<I>Vayetze</I>: Truth or ConsequencesIt seems that Yaakov's challenge in life was to remain the <I>Ish Emet</I>, the man of truth, despite all the trials and tribulations of <I>Galut</I>, of <I>Vayetze</I>.
<I>Lech Lecha</I>: Go to YourselfTwo hundred years ago, students of the Baal Shem Tov, led by Rebbe Menachem Mendel of Vitebsk, repeated the Avram journey and made <I>aliyah</I>. The Rebbe of Vitebsk described the spiritual and physical journey in his book <I>Pri Ha'aretz</I>.
The Jewish Obesity Epidemic - Part IIThe fitting lesson for the week after Sukkot is that of <I>parshat Breishit</I>, that of the Tree of Knowledge, the <I>Eitz Hada'at Tov Vara</I>. Like Adam <I>HaRishon</I> exiled from Eden into the big, cruel world, we are all beginning a journey into a new year.
The Jewish Obesity EpidemicFor all those who naively thought that religious Zionism's philosophy is on the rocks because of the Disengagement, I can only offer a letter written over 100 years ago by Rabbi A. Y. Kook to his father-in-law, the <I>Aderet</I>.
Rosh Hashanah: Land and PeopleDuring these days of Judgement, God ascertains if we lived up to His standards for a Jew. However, "each individual Jew is unique, with a special task in life, which he alone can fulfill."
<I>Shoftim</I>: Nothing to Fear But....If we are not to fear mortal men and not armies, then what are we to fear during this period of Elul? Rabbi Zev Leff gives the answer: <I>"Achat sha'alti me'et HaShem...."</I> - "One thing I ask of the Lord...."
<I>Ekev</I>: HeelsUnfortunately, and to <I>Am Yisrael</I>'s great shame and sadness, thousands of Jews not only were trampled upon in Gush Katif, dispossessed of home and livelihood, but they will, Heaven forbid, soon be deprived of their places of prayer, their synagogues. God will come , but no Jews will be there, only Arab terrorists.
<I>Va'etchanan</I>: The Whole PictureTruly, this week's events are beyond words of description. As is this week's <I>parsha</I>, which therefore leaves its two main themes to pictures. When it comes to <I>Eretz Yisrael</I> and Torah, we are told: see the picture.
The Yeshiva of ShfaramBefore getting down to business, the sheikh told the two friends that they had to first accompany him to one old building in his village. To their utter astonishment, the sheikh led the two Jews to... the synagogue of Shfaram!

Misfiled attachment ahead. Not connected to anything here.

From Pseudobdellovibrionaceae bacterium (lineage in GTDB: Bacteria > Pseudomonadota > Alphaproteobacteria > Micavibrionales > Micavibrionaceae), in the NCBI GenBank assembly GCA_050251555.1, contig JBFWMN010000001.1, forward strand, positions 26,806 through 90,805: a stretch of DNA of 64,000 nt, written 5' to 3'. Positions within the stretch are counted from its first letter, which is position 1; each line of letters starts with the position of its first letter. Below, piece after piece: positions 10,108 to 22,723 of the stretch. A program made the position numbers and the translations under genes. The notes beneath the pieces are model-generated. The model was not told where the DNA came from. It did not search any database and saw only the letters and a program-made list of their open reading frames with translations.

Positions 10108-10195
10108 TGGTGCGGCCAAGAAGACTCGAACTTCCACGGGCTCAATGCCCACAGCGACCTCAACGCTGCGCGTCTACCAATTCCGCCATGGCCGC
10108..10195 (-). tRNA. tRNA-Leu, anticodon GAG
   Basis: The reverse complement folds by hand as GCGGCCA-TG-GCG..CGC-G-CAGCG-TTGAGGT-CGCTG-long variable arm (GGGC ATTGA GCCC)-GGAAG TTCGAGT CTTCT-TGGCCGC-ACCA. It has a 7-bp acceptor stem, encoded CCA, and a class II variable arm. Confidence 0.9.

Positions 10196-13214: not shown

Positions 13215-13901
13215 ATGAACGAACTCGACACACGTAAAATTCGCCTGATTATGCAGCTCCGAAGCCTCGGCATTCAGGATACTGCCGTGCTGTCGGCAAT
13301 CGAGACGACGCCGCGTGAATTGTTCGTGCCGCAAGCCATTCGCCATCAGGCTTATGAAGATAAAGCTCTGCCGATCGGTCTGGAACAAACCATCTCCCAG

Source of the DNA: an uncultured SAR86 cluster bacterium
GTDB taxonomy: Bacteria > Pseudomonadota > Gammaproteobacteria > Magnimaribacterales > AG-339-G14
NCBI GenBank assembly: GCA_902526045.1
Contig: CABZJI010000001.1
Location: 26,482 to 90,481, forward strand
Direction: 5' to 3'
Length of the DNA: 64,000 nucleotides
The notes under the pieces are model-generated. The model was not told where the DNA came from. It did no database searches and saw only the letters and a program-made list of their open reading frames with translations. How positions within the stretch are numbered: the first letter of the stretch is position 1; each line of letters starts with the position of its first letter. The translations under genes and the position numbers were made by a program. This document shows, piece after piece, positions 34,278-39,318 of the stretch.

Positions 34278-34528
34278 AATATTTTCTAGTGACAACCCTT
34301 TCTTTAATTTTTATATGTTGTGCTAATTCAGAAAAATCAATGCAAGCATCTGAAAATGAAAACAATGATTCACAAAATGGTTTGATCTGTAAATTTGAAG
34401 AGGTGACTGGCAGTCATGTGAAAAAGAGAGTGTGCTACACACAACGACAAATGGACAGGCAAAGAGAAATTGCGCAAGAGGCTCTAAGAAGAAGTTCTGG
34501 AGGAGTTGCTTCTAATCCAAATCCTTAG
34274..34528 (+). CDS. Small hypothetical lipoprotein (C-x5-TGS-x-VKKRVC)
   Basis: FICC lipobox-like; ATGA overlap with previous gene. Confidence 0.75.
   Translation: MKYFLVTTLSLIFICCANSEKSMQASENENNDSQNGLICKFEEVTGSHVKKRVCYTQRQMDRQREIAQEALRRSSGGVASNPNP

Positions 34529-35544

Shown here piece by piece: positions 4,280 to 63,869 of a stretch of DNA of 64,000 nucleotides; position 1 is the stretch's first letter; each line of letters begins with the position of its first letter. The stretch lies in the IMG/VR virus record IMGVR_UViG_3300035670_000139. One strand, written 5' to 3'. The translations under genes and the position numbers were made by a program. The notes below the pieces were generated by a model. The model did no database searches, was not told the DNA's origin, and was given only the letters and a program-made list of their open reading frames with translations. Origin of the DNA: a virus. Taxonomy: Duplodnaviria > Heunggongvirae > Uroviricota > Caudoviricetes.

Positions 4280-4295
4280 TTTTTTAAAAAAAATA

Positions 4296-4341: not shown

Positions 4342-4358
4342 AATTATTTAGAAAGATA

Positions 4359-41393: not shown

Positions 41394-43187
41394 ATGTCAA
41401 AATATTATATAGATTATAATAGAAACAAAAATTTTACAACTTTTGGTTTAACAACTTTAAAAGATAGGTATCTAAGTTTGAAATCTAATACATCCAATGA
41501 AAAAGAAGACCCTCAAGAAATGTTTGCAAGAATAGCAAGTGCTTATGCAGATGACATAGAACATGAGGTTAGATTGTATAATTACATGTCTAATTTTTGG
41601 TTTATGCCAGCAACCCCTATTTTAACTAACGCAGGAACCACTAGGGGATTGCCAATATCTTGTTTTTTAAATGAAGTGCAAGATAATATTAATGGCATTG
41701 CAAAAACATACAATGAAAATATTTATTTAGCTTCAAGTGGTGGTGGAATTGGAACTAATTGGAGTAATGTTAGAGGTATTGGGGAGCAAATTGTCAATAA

<I>Matot</I>: Stern OrdersWith the word <I>"matot"</I>, the Torah introduces the conflict between sectors of society, and between the nation and its army (which, in the <I>parsha</I>, goes out to war against the external enemy, Midyan, not against its own citizens).
<I>Sh'lach</I>: A Woman's Place is in <I>Eretz Yisrael</I>A woman's place is in... <I>Eretz Yisrael</I>. Of course, men belong here, too, but our rabbis tell us that "the women in particular loved <I>Eretz Yisrael</I>." How this began, and how it manifested itself, lead to some fascinating insights into the relationships of Jewish men and women and <I>Eretz Yisrael</I>.
The Omer Sacrifice and the GulagThe <I>Gemara</I>, <I>Menachos</I> 65a, mentions two arguments that the rabbis had with the Sadducees. The arguments seemingly have nothing to do with one another. But Rabbi Avraham Yitzchak HaCohen Kook (in <I>Mishpat Kohen</I>, and quoted in the <I>Harav Kook Haggada</I>, page 297) says there is a connection between the two.
The Rasha on the TerritoriesThe <I>Haggadah</I> says the <I>rasha</I> is one who <I>"kafar ba'ikar"</I>, he denies the role of God in history. So, he makes up nonsensical rationalizations for his Disengagement, such as equating Israel with Pharaoh.
Shakespeare and the Pesach HaggadahRabbi Avraham Yitzchak Kook explains that by having farmers bring their produce to Jerusalem, our largest and capital city, and by mandating that the city-dwellers go out and extend a lavish greeting to the country bumpkins, the Almighty was ensuring mutual appreciation and unity among the people.
<I>Shemini</I>, Purim and the Jewish Temperance LeagueLast week, we were told to celebrate, with revelry that includes drinking alcohol <I>"ad d'lo yada"</I>, until we lose our powers of reason. Yet, in this week's Torah reading , Aharon is warned, "You and your sons are not to drink wine and other intoxicating beverages when you come into the <I>Ohel Moed</I>."